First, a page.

Wednesday, 19 May 2010

A year in Books 2010 - The Rehearsal

The Rehearsal is the debut novel from 25 year old New Zealand Eleanor Catton. It has won numerous awards in her latest land as was published here with a lot of publicity by Granta. It had a quote from another hot young author on the cover although "a glimpse into the future of the novel itself" is usually enough for me to avoid it like the plague. Someone however knew I loved Donna Tartt's the Secret History and kept nagging me to give it a go.

Well for a start apart from being set in a school that suggests an element of privilege it has absolutely nothing in common with that novel.

The story flits between a girl's school which is coping with the scandal of one of the teachers having an affair with one of the girls and the new intake into a prestigious drama school.

At the core is the younger sister of the girl who had the affair, her music teacher and a 1st year drama student who takes the leading role in the end of year production. So far so straight forward awakening of sexual power and confusion. However when the drama school decide that their end of year production should be about the scandal then what is real and what is drama merges into one until ,as the reader, you get lost in terms of what is being acted and what is simple narrative, who are playing characters and who are being themselves.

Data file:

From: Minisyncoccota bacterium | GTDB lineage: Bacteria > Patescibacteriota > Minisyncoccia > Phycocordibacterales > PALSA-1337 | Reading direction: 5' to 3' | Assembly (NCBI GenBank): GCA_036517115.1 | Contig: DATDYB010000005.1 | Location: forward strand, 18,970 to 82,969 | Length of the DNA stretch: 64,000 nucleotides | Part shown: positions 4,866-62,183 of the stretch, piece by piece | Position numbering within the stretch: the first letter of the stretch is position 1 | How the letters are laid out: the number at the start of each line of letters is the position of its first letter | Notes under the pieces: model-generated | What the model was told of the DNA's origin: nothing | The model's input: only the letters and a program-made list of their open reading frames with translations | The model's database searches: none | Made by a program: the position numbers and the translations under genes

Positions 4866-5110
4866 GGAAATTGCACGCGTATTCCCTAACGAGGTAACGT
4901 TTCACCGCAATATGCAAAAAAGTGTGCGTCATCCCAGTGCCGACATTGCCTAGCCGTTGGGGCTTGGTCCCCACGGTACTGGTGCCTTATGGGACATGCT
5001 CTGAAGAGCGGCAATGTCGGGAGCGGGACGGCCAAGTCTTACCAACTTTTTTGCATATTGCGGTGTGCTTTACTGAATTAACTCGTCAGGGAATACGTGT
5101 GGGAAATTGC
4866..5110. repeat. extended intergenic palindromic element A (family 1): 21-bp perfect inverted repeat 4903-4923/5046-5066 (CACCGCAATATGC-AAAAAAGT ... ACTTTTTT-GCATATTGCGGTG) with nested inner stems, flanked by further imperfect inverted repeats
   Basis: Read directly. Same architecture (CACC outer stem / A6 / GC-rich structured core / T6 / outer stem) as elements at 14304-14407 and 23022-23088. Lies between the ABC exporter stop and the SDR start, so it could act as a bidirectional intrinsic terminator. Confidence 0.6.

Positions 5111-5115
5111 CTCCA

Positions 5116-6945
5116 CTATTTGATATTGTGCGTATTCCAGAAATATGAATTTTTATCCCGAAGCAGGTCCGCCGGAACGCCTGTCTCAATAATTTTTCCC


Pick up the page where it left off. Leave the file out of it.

The writing is very stylised, with the early chapters feeling like dialogue from play and descriptive passages more stage directions from a script.

At first I found this extremely annoying with everything feeling forced and layered with heavy handed symbolism (the music teacher is teaching various girls saxophone)

I was very close to to dropping the book off at Oxfam. I stuck with it as gradually, as the lines blurred, the structure and language started to fit and pull you in. However the ending just left me frustrated, it seemed to pull off the unlikely combination of being vague and heavy handed at the same time

it is original and it is an interesting use of narrative, but it did leave me craving a book of good old story telling

you can buy the Rehearsal here

I've just noticed that a customer on the Waterstone's website has given it 1 star - a tad harsh but I kind of know where they are coming from

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